This is a most strange pitch, the likes of which may not have been seen at a Test match in England before. From short of a length one end to short of a length at the other, it carries a healthy covering of grass. Beyond that there are two bare stretches. It clearly has been deliberately done, although the intention is not entirely clear.
When England won the toss Michael Atherton must have considered his options long and hard. But the sight of the grassless ends, the inclusion of Richard Illingworth and the presence of Graeme Hick along with the forecast of continuing dry weather influenced him into going in first.
It was not long before it was evident that these conditions ideally suited the tall West Indies fast bowlers. The removal of Atherton himself in the first over and Hick in the second provided immediate lifts to the spirit and the generous bounce that Ambrose achieved from the City End, and the contrasting lowness that consistently battered the batsman at the opposite end, were sufficient to sow the seeds of appreciable doubt.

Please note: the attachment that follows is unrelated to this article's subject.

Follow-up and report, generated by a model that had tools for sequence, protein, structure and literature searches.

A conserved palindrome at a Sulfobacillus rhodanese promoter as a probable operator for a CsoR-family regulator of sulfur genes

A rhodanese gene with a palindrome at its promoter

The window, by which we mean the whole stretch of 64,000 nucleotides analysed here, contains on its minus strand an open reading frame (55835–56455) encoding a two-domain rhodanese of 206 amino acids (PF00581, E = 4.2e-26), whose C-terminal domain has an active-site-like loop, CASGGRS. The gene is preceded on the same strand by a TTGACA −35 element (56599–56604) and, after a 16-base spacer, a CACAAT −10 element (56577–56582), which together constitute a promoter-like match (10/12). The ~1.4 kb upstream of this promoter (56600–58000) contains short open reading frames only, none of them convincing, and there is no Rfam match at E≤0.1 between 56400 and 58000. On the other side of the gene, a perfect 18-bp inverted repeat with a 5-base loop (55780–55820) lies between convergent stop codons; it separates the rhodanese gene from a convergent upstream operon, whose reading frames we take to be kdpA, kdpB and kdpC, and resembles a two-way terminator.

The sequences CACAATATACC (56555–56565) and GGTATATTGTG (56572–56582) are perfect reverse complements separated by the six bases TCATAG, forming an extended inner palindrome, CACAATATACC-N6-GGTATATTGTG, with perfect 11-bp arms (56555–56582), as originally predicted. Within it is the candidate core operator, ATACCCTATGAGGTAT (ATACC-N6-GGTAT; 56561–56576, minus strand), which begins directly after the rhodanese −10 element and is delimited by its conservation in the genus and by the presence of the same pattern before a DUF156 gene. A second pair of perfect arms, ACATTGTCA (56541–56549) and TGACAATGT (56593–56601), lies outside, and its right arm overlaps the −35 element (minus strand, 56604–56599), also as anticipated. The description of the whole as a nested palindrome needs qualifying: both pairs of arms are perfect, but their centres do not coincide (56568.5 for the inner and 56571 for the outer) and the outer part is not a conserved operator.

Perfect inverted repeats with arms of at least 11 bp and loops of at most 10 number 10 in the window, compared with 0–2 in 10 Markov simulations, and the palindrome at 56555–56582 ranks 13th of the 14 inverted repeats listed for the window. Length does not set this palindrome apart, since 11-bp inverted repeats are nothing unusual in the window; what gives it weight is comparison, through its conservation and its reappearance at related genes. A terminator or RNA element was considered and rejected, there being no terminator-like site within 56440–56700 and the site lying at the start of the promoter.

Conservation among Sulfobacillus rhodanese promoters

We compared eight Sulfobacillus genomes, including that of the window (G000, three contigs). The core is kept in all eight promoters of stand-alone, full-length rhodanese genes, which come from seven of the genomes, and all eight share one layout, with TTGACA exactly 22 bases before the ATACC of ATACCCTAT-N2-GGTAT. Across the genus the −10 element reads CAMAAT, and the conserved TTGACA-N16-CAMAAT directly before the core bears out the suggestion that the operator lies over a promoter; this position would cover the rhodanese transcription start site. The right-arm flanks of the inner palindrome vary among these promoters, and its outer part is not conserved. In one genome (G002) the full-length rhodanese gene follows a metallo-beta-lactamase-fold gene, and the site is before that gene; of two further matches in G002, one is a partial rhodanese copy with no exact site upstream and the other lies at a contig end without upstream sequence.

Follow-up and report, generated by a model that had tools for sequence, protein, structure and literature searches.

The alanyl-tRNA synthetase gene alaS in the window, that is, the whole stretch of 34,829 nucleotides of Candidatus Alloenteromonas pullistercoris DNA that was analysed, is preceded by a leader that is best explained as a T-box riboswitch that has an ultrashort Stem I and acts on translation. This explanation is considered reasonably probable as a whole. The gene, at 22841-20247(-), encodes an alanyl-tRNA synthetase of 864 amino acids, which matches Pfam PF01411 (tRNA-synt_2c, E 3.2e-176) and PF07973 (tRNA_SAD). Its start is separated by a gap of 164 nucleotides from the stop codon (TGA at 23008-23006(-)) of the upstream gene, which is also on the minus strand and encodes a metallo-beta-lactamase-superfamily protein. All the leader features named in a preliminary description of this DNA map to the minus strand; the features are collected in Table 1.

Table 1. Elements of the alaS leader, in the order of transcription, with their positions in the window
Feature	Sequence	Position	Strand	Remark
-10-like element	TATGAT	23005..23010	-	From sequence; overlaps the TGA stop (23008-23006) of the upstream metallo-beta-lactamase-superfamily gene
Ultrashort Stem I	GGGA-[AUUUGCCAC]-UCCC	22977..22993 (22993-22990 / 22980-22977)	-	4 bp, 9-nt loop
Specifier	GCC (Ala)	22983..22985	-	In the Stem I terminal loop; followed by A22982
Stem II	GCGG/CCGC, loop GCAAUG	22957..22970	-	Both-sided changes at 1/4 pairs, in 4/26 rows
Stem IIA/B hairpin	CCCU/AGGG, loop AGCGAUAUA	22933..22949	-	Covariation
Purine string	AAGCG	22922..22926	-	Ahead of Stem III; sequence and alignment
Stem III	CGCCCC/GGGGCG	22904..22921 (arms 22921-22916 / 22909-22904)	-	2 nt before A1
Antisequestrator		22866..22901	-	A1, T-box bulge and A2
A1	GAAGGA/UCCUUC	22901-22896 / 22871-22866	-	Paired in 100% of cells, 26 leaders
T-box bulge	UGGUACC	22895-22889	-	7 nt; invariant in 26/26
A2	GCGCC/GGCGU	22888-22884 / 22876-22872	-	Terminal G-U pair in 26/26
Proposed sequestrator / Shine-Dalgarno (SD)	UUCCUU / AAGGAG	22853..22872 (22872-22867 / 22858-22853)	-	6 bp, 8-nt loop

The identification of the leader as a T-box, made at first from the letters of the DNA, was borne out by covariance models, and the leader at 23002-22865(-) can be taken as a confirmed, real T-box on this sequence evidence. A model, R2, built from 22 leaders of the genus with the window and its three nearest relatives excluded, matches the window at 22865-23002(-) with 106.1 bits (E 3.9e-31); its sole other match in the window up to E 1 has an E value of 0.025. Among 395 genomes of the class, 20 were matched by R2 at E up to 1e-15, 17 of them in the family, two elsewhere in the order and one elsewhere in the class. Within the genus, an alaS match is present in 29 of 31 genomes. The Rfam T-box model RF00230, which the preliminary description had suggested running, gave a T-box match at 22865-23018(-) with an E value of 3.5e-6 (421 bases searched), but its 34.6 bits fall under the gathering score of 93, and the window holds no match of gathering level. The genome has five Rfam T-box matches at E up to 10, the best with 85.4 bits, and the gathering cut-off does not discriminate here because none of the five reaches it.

When Graham Thorpe counter-attacked with a succession of authoritative strokes, the balance was shifted back to the West Indies by the capricious surface. The delivery that claimed almost perpendicularly from Ambrose to take his glove and lob to gully was virtually unplayable - not what any batsman has a right to expect an hour into the opening day of a Test. Robin Smith might well have perished the same way when a similar lifter took him on the glove first ball, and he had to show all his customary fight to survive.
Even the groin injury that obliged Ambrose to leave the field in the 15th over could not deter the West Indies' advance. At this stage Kenny Benjamin delivered a crucial spell of controlled fast medium bowling from the City End. He went for 13 consecutive overs and only when he tired and conceded three boundaries to Smith in the last did he lose length and line. It was just what the West Indies required from their support bowler.Reuse content